• And catch the sweet breath of the rising day.

« Nor seldom, loit'ring as I muse along,

• Mark from what flow'r the breeze it's sweetness bore; « Or listen to the labour-foothing fong

• Of bees that range the thymy uplands o'er.

*Slow let me climb the mountain's airy brow,

• The green height gain'd, in museful rapture lie;
Sleep to the murmur of the woods below,
• Or look on Nature with a lover's eye.

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Delightful hours ! Q, thus for ever flow!

• Led by fair Fancy round the varied year : < So shall my breast with native raptures glow,

• Nor feel one pang from folly, pride, or fear.

• Firm be my heart to Nature and to Truth,

• Nor vainly wander from their dictates fage ; • So Joy Mall triumph on the brows of youth,

• So Hope shall smooth the dreary paths of age.

EL EGY

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OH! yet, ye dear, deluding vifions, stay!

Fond hopes, of Innocence and Fancy born! For you I'll cast these waking thoughts away;

For one wild dream of life's romantick morn.

Ah! no: the sunshine o'er each object spread

By flatt'ring Hope, the flow'rs that blew so fair ; Like the gay gardens of Armida fled,

And vanilh'd from the powerful rod of Care.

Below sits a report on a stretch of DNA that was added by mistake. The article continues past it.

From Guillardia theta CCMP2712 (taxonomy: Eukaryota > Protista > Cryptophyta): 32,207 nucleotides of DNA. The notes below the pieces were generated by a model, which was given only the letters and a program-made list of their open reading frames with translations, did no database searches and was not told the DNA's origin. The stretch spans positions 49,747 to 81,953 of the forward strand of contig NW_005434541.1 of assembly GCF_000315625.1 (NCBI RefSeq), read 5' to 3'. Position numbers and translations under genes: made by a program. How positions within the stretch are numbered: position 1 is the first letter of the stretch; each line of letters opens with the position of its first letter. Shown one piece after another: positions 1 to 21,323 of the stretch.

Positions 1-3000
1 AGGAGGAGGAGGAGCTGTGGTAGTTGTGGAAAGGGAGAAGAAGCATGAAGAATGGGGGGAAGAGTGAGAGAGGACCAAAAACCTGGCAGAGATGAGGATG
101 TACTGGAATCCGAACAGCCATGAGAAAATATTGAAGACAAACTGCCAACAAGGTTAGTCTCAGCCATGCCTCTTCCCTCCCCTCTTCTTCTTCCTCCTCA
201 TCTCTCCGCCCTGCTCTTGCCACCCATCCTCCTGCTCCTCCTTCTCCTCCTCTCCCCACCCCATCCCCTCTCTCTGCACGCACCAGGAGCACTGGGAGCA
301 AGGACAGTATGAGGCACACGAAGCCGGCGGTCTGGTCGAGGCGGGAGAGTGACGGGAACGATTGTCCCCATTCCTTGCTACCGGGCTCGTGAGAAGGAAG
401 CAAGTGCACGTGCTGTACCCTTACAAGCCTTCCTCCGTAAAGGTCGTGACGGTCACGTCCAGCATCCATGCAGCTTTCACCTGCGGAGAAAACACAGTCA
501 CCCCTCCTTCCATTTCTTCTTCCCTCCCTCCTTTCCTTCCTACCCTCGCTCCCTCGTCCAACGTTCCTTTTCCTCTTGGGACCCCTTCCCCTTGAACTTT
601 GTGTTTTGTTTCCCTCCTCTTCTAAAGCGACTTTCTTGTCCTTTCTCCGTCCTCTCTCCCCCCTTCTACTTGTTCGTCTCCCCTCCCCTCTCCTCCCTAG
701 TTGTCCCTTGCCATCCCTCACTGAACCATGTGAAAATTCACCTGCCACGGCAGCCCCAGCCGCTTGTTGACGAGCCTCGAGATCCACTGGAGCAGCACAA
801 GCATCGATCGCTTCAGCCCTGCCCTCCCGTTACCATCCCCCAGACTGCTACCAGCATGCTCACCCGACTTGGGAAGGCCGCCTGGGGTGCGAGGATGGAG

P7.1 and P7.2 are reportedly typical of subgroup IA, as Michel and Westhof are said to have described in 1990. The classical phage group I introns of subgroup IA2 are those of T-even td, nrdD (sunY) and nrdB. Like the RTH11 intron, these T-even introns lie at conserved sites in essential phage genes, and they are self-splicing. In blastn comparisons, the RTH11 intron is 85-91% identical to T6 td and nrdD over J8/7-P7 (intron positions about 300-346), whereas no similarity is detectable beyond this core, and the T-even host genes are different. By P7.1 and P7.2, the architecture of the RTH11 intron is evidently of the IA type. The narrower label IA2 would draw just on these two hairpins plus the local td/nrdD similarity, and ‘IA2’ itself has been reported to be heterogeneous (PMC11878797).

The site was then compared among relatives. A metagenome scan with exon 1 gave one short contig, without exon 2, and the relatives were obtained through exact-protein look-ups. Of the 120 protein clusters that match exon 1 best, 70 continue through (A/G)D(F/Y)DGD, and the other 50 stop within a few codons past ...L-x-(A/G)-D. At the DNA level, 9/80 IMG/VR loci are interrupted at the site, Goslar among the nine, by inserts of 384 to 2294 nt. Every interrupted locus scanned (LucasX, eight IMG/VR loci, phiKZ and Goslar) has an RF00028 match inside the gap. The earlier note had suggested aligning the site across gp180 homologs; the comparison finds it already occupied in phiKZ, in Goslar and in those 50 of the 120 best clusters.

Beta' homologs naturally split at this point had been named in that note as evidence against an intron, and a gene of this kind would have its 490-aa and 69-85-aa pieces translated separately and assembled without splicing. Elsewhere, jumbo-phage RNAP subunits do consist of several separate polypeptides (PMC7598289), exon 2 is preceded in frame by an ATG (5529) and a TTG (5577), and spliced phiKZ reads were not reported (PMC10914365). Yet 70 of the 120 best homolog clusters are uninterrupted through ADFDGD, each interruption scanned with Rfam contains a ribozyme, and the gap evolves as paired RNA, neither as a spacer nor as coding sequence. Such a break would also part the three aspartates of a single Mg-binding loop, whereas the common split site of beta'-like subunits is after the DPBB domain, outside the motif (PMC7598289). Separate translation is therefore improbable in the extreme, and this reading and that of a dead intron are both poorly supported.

So the poor pilgrim, who, in rapt’rous thought,

Plans his dear journey to Loretto's fhrine: Seems on his way by guardian seraphs brought ;

Sees aiding angels favour his design.

Ambrosial blossoms, such of old as blew

By those fresh founts on Eden's happy plain, And Sharon's roses all his passage strew!

So Fancy dreams but Fancy's dreams are vain.

Wafted and weary, on the mountain's fide,

His way unknown, the hapless pilgrim lies ;
Or takes some ruthless robber for his guide,
And
prone

beneath his cruel fabre dies.

Life's morning-landscape, gilt with orient light,

Where Hope, and Joy, and Fancy, hold their reign ; The grove's green wave, the blue stream sparkling bright,

The blythe hours dancing round Hyperion's wain ;

În radiant colours Youth's free hand pourtrays,

Then holds the flattering tablet to his eye; Nor thinks how soon the vernal grove decays,

Nor sees the dark cloud gathering o'er the sky.

Hence,

Hence Fancy, conquer'd by the dart of Pain,

And wand'ring far from her Platonick shade, Mourns o’er the ruins of her transient reign,

Nor unrepining fees her vifions fade.

Their parent banislı'd, hence her children Ay;

The fairy race that fill'd her festive train :
Joy tears his wreath, and Hope inverts her eye,

And Folly wonders that her dream was vain.

THE IGNORANCE OF MAN.

BY THE REV. MR. MERRICK.

B ,

EHOLD yon new-born infant, griev'd

With hunger, thirst, and pain ;
That ass to have the wants reliev'd,

It knows not to complain.

Aloud the speechless fuppliant cries,

And utters, as it can,
The woes that in it's bosom rise,

And speak it's nature-man.

That infant, whose advancing hour

Life's various forrows try,
(Sad proof of fin's transmissive pow'r !)

That infant, Lord ! am I.

A childhood yet my thoughts confess,

Tho' long in years mature ;
Unknowing whence I feel distress,

And where, or what it's cnre.